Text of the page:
Posted 10/13/11 on MedInnovations Blog
One man’s words are another man’s poison.
We were reasonably calculating in our approach. We consciously began using the language of the marketplace, rather than the language of medicine. We began talking in terms of “providers and consumers” instead of “doctors and patients,” for example. This, of course, was and still is highly offensive to many people in medicine, and we felt the old language was almost like the language of religion, and, thus, harder to use when trying to affect widespread change.
Paul Ellwood, MD, 1985, “Life on the Cutting Edge,“ Twin Cities Magazine, 1985
1n 1988 in Who Shall Care for The Sick: The Corporate Transformation of Medicine in Minnesota, I said that words matter in health reform, that use of “providers and consumers” signaled a transformation in American medicine, and that these words a “Grand Finesse” of American physicians, effectively distracting them from what was really happening.
I predicted physicians would become serfs of payers, physicians would be disillusioned , and ultimately, a doctor shortage would ensue.
In my book, I quoted a passage from Alice in Wonderland,
“ ‘ The question is,‘ said Alice,‘ whether we can make words mean so many things.”
‘The question is,’ said Humpty Dumpty, ‘ which is to be the master – that’s all.”
The master has become the marketplace and payers – whether they be private plans or Medicare. If you give the matter any thought at all, you will realize changing the language from “doctor and patient” to “provider and customer” changes everything.
Money becomes King. The new words reduces doctors to just another “provider,” or “vendor,” or “seller,” along with other “providers” – chiropractor, naturopath, social worker, psychologist, physical or respiratory therapist, hospital, or any other care facility.
And these words transmute patients into “buyers,” “consumers,” or “consumers.” It opens the doors for converting medicine is just another business sector that can be industrialized and standardized – the main thrust of Obamacare and its cadre of government experts.
As my 1988 book indicates, thee is nothing “new” about this conversion of medicine into just another industry. It has its real beginning with wholesale introduction of managed care into the medical mainstream in the 1970s and 1980s and continues to this day.
In an essay “The New Language of Medicine, “ in the October 13 issue of the New England Journal of Medicine, Pamela Hartzband, MD, and Jerome Groopman, MD, wife and husband and Harvard faculty members, capture the essence of the impact of the language change means.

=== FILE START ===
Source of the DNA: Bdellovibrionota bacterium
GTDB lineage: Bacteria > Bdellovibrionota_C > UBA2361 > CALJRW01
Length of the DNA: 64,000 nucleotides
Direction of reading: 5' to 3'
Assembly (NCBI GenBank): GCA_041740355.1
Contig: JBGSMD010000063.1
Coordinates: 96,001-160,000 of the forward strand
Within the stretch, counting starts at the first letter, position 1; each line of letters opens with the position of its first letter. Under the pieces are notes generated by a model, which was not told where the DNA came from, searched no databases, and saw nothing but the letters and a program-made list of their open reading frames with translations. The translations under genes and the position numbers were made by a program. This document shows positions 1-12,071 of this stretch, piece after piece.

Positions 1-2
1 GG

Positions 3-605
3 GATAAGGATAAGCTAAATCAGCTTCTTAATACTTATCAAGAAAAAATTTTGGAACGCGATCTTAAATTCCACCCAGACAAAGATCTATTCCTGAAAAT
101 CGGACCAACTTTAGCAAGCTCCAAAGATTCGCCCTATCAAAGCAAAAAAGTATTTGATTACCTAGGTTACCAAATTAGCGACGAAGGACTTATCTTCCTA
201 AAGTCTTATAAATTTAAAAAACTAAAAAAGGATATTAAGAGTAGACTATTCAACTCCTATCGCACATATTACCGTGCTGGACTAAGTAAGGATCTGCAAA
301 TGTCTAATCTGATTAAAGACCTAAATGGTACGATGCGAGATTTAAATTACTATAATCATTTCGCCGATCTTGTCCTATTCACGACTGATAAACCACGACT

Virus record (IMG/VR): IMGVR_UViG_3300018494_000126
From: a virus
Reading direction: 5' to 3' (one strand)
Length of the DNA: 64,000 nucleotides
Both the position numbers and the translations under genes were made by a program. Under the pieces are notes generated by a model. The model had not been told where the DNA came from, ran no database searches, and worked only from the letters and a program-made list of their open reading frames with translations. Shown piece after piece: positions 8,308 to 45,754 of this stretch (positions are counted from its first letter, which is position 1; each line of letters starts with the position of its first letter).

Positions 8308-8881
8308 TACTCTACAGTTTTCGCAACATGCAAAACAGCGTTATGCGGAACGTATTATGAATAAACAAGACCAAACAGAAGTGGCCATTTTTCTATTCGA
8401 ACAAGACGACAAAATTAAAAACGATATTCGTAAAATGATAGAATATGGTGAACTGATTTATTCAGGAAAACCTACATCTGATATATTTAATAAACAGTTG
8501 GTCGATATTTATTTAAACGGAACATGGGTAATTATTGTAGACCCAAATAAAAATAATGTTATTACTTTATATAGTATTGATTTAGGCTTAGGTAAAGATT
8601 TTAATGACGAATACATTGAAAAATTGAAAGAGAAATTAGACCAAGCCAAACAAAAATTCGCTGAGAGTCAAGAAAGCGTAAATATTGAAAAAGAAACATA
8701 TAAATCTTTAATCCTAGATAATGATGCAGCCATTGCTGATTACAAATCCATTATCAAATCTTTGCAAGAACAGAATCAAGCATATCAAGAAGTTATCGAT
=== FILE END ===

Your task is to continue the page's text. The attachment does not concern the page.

Prominent health policy and even physicians contend that clinical care should essentially be a matter of following operating manuals, like factor blueprints, written by experts.”
They go on,
The guidelines for care are touted as strictly scientific and objective, In contrast, clinical judgment is cast as subjective, unreliable, and unscientific.
And they conclude,
The specific cutoffs for treatment or no treatment, testing or no testing, the weighing of risk versus benefits – all necessarily reflect the values and preferences of the experts who wrote the recommendations. And their values and preferences are subjective not scientific.
Medicine, by its very nature, because it involves the permutations and combinations of variable human beings and their variable relationships with different values and expectations, is inherently subjective most of the time.
Yet I have not seen a comprehensive study of large series of consecutive patients going through primary care offices showing how many of these patients have conditions to which “objective guidelines” apply.
There is another motive, seldom mentioned, behind the widespread use of guidelines – reining in physician economic behavior, particularly “clinical judgment” that benefits doctors financially.
Supposedly guidelines, by rationalizing what should or should not be done, and what should or should not be paid for, would cut the physician “greed” factor. This so-called greed may be partly unconscious. Yes, doctors profit from procedures or tests they are trained to do or order. These is what colleagues and patients expect them to do.
The guidelines may miss another critical point – doctors deeply believe what they do helps people and shows they care about patients as people, not just “paying customers.”
The words, “patient doctor,” are serious words. Human relationships matter. They are a national and human resource and should be preserved and cherished over mere “provider and consumers.”
Dick Reece, MD is an author and a retired pathologist. His most recent book, Health Reform Maze: A Blueprint for Physician Practices, was released in August.
One thought on “The Great Finesse in Health Reform- Changing The Language”
I agree with your premise that words do, in fact, matter and I might even agree that physician and patient are preferable to provider and consumer in the context of the art of medicine. However, I believe that there is one malady that the business of medicine suffers from that words have helped perpetuate and that is the lack of transparency throughout the system. If new words help create a new paradigm that demands greater transparency then it will have been justified in the end. Ultimately it is my hope that the art and business of medicine find a way to co-exist to the benefit of all stakeholders in they system.